Don’t Be a User Interface Hoarder

design | 2-19-2011

For some reason, I keep watching episodes of a television show called "Hoarders." If you haven't seen it, it's about people who collect stuff. Collecting stuff is one thing, but these people have no organizational system for the items that they collect. They literally have piles of so much useless junk that their houses become essentially unlivable. Many of them don't even have a single walkway to navigate through their homes. They could lead better lives, but they are unwilling to let go of their material possessions.

I think that is exactly what happens in technology when a good user interface goes bad. I know that there are user interfaces that are legitimately bad to start with, but that's beyond the point of this discussion.

As designers and developers, we make interfaces that provide wonderful user experiences. After which our clients and sometimes even end-users will come back with items that simply have to be added to the interface.

Sometimes the additions really are necessary and sometimes they aren't. For the sake of discussion let's say that the additions actually are necessary.

What happens when you have an interface that doubles or triples in visual complexity? Practically speaking, it will make the user lose focus. It will make them unsure of what they are supposed to do and how they are supposed to do it. Simple tasks will take them longer. In the worst case, they will give up on your interface and move on to something else.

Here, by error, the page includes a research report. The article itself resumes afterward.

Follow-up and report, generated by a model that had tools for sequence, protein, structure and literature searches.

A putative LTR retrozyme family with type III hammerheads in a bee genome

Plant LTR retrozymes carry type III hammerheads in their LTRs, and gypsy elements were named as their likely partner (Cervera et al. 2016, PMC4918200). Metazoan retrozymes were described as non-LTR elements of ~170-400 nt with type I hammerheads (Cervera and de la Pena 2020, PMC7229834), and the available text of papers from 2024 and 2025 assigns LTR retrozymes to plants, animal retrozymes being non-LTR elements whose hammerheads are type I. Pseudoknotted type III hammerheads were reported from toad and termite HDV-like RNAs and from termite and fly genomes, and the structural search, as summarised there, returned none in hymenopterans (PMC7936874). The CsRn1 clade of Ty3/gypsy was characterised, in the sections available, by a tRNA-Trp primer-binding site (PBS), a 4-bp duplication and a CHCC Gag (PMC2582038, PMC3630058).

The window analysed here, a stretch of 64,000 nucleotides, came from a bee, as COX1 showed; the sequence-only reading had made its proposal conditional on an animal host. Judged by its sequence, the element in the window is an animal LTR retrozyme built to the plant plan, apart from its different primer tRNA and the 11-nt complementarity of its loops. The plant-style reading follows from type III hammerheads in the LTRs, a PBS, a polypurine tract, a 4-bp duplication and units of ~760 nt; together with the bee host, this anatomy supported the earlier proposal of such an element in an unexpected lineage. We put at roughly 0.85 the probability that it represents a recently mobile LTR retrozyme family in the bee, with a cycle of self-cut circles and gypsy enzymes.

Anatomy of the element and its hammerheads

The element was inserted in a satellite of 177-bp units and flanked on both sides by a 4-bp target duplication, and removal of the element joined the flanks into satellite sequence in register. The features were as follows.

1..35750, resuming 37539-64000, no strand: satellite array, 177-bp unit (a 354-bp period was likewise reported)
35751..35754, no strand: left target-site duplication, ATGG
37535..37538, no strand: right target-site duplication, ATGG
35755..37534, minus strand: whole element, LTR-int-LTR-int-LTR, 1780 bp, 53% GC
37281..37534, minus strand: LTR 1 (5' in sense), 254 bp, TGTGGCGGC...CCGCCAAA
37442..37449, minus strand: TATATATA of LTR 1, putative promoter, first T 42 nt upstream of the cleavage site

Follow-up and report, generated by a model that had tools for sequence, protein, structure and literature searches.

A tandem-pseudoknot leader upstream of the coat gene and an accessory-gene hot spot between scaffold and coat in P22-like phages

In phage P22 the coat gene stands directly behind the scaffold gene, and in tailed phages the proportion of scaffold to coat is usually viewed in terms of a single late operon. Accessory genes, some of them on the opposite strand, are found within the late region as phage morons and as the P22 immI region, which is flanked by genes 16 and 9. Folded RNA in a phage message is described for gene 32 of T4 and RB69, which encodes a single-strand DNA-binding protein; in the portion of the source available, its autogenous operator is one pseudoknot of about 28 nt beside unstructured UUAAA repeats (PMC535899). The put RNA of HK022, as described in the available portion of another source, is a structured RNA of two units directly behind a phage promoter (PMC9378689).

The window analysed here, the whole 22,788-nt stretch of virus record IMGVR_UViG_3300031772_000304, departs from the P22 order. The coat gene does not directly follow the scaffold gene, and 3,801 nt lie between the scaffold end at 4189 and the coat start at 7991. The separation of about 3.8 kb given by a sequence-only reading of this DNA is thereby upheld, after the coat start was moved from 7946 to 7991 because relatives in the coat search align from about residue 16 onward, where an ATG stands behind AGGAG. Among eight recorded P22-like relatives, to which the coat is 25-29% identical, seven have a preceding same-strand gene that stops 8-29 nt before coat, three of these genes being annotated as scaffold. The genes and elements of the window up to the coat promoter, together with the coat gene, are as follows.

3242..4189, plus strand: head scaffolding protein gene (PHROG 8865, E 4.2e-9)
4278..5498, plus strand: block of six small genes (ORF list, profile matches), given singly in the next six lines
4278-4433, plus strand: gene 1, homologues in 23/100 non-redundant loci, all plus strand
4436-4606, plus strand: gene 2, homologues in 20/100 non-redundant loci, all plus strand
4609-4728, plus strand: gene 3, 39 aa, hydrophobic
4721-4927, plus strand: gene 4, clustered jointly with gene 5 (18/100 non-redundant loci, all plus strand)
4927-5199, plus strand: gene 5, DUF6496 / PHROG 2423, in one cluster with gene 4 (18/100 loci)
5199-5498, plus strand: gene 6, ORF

The people creating the software or making the decisions about the software may feel like everything they are adding is needed. However, in the end, you have to let some things go. Otherwise you are just another user interface hoarder.

Here are some valuable questions to ask if you're planning to add something to an existing interface:

Is this really needed?

Some additions are important and others are not. Something that is flashy or "cool" may not necessarily be something that will make life easier or better for your user.

Will this improve the user experience?

In many cases, the client is going to want to get as much information about the user as possible. Information is valuable. The more we know about our users, the more we can improve their experience in the long run. The problem comes when asking questions to the user gets in the way of their current experience. If you can, find ways to get to know the user without making them fill our lengthy forms. Nobody likes filling out forms. Forms are even worse on mobile devices without an external keyboard. If you want your user to submit a form, a basic rule is to make it short.

Does everything need to be shown at once?

If you determine that everything you're adding is important, perhaps you can make the interface a little easier by not showing the user everything at once. Forms are often easier to complete in short steps where the user can focus on one question at a time. This also makes it easier for the user to react to form validation, because the problematic fields will be fresh in their minds.

Emphasize the things that are of the highest import

I'm not here to give a lesson on graphic design, but if something is important, like a call to action, it should stand out. The user needs to be drawn to it. Once you start emphasizing what is extremely important, you may find that some of the less important things can be cut.

Nobody is going to leave you interface or website because it is too simple. However, if your interface is too hard too use, it will probably only take a few short seconds for your users to leave and never return. If you want to give your users a rewarding experience with your application, you just may have to clean your house.



About the Author

Tyson Cadenhead is a Senior JavaScript Developer at Aloompa. He lives in the greater Nashville area. His specialty is writing large, scalable JavaScript applications on the client and server side. His passions are for good design, usability, and clean, reusable code.

Tags: User Interface

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